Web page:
Recording a user flow in Chrome DevTools

6 Nov 2021

Chrome is adding a new Recorder tab to the DevTools, letting users record and replay user journeys.

This feature will be included in Chrome 97, due for stable release on January 4 2022. Use Chrome Canary to try this feature out now.

User journey recorded in Chrome DevTools

Creating a recording

  1. Navigate to the page where you want to start the recording (in this case I'm opening the GitHub homepage)
  2. Open the DevTools by right-clicking on the page and selecting Inspect
  3. Open the Recorder tab

Devtools Recorder tab

  1. Click the Create a new recording button

New recording button

  1. Enter a name for your user flow

Selecting a name for the user flow recording

  1. Click Start a new recording

  2. Go through the user journey on your page – I searched for "react" on GitHub, clicked the "search" button, and then selected the first search result

  3. Click End recording

Button to finish the user flow recording

  1. The recording is now complete

Finished recording

Replay and Measure Performance

The Replay button simply performs the recorded steps. This lets you check your recording is working correctly.

The Replay Settings let you control the emulated network speed – reducing the network speed to a slower connection is helpful when testing performance and capped speed in more consistent measurements.

DevTools Recording Replay settings

Measure Performance captures a DevTools Performance profile while going through the user flow. This can help you understand which parts of the process are slowing the user down.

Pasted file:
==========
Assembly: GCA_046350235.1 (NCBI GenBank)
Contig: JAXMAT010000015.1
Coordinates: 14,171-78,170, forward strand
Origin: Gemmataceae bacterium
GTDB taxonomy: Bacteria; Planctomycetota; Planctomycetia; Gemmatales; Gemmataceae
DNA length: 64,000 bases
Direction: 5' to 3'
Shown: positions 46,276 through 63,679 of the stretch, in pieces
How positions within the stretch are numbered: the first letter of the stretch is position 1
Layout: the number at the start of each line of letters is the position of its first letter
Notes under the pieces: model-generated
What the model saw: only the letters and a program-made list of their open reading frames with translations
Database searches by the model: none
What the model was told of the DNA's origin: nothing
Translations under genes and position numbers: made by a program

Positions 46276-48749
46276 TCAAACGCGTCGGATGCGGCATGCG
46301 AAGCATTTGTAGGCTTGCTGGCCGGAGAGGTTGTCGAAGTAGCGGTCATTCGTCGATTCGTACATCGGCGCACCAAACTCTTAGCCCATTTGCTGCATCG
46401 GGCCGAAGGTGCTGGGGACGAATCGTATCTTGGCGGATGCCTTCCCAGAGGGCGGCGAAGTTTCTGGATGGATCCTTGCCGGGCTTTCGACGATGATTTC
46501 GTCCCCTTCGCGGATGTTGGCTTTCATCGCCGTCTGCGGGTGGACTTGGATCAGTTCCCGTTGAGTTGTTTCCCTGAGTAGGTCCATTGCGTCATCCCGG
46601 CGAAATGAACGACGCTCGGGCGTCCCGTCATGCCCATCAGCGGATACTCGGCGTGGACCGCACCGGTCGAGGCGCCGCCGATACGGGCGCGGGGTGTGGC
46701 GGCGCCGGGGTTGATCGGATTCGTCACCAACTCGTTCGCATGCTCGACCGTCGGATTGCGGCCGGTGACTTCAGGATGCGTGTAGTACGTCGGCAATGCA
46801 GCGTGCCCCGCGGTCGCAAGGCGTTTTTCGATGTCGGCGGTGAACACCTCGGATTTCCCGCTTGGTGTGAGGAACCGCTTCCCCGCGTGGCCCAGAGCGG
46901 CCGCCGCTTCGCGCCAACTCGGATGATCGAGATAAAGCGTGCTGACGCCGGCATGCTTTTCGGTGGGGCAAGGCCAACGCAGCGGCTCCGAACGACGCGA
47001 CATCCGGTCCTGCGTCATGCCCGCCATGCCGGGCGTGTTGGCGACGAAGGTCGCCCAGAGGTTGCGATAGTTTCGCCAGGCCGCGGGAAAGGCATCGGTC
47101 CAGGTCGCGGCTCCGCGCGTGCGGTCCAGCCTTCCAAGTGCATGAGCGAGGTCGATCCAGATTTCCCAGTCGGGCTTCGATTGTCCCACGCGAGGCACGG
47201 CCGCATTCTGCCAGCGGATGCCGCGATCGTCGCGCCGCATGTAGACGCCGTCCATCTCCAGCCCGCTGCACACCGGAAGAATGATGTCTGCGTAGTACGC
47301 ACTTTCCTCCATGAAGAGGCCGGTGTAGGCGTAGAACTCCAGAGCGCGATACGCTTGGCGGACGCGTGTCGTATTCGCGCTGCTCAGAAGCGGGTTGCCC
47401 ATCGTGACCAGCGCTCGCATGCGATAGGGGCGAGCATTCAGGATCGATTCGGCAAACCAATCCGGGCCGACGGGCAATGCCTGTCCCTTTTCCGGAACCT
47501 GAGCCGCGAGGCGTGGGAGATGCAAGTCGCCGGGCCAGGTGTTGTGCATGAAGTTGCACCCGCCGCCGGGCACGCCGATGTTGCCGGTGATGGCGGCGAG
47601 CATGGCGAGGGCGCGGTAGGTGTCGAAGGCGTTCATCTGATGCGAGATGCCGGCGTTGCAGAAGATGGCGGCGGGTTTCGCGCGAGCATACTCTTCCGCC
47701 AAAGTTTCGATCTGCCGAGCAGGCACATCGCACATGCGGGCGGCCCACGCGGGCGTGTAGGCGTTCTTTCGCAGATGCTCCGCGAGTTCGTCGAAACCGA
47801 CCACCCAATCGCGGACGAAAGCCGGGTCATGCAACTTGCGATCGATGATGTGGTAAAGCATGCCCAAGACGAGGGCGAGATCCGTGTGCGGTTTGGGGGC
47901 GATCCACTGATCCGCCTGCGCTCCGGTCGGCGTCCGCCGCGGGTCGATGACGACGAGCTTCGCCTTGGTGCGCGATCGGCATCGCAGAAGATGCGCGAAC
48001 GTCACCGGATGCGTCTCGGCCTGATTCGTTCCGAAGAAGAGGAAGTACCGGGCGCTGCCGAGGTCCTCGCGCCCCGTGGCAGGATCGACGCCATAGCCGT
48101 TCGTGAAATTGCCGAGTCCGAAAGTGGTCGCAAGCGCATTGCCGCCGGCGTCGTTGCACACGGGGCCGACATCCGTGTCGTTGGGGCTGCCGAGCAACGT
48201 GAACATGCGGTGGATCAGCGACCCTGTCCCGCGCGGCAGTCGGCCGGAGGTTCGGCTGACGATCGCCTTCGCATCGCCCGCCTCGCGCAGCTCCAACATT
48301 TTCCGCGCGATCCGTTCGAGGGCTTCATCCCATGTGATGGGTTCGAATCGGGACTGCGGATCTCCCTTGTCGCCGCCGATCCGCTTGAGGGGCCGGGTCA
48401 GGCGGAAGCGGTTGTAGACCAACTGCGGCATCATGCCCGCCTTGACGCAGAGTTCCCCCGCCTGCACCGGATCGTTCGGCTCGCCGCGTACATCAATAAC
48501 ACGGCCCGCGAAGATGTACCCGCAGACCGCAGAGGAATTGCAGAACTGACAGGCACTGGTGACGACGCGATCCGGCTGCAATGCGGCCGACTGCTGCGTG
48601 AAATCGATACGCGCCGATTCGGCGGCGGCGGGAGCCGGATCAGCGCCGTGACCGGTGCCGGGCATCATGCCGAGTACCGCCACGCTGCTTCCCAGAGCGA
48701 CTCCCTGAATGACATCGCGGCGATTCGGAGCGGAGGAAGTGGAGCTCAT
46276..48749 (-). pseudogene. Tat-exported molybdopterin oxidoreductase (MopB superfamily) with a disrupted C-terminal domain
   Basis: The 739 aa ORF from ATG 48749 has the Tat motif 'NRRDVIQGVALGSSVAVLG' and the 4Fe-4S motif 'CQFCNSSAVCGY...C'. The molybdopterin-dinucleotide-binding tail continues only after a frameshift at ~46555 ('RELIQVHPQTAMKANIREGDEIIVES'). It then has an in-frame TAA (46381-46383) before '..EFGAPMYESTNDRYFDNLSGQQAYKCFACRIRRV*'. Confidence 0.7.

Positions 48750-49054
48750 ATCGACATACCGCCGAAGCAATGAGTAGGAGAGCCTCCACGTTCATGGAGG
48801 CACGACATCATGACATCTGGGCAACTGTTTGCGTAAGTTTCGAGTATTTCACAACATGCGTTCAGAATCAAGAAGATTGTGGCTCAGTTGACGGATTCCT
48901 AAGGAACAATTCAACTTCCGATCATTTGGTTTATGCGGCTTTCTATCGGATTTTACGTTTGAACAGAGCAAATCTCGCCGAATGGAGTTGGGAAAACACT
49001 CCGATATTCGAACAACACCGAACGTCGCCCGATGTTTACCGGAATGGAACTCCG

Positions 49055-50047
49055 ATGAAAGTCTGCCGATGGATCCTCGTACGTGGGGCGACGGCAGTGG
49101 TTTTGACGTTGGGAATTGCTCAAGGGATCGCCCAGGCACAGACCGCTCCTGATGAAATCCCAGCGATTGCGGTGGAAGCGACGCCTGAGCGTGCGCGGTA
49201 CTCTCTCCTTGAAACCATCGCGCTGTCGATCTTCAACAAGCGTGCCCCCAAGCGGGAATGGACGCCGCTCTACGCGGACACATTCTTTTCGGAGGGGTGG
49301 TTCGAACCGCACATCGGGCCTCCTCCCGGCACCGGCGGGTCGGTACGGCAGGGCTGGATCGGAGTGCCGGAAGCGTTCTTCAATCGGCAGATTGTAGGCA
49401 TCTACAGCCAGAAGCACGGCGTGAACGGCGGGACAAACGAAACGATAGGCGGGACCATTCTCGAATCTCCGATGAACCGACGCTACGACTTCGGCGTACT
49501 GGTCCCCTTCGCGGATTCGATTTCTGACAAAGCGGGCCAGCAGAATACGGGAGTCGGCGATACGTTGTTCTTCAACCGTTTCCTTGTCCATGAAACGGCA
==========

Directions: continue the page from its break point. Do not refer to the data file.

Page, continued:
There's lots of information here. Hovering over the filmstrip screenshots can give you an idea of what's going on at any given point. The CPU utilization timeline at the top of the page can point out potential JavaScript bottlenecks.

Performance Profile of DevTools user flow recording

Replay failures

If a replay isn't successful, for example because a DOM element wasn't found, the step where the replay failed is highlighted in the user flow.

DevTools Recorder replay failure

You can edit individual steps, for example picking a more reliable element selector.

Editing recording step

Exporting and running a Puppeteer script

DevTools can export your user journey as a Puppeteer script. Puppeteer is a Node library that lets you control a browser through code.

Export Puppeteer script button in DevTools Recorder

To run the exported script you need to

  1. Install Node.js
  2. Open a terminal window and navigate to the folder that you exported your script to
  3. Install the Puppeteer library by running npm install puppeteer
  4. Run the script with node github-search.js (or whatever name you used)

If you open the exported script you'll see this code near the top of the file:

const browser = await puppeteer.launch();
const page = await browser.newPage();

It launches a new Chrome instance and opens a new tab. By default Puppeteer uses a headless browser with no user-visible interface. This makes it difficult to see what the script does, so disable headless mode like this to test the script:

const browser = await puppeteer.launch({ headless: false });
const page = await browser.newPage();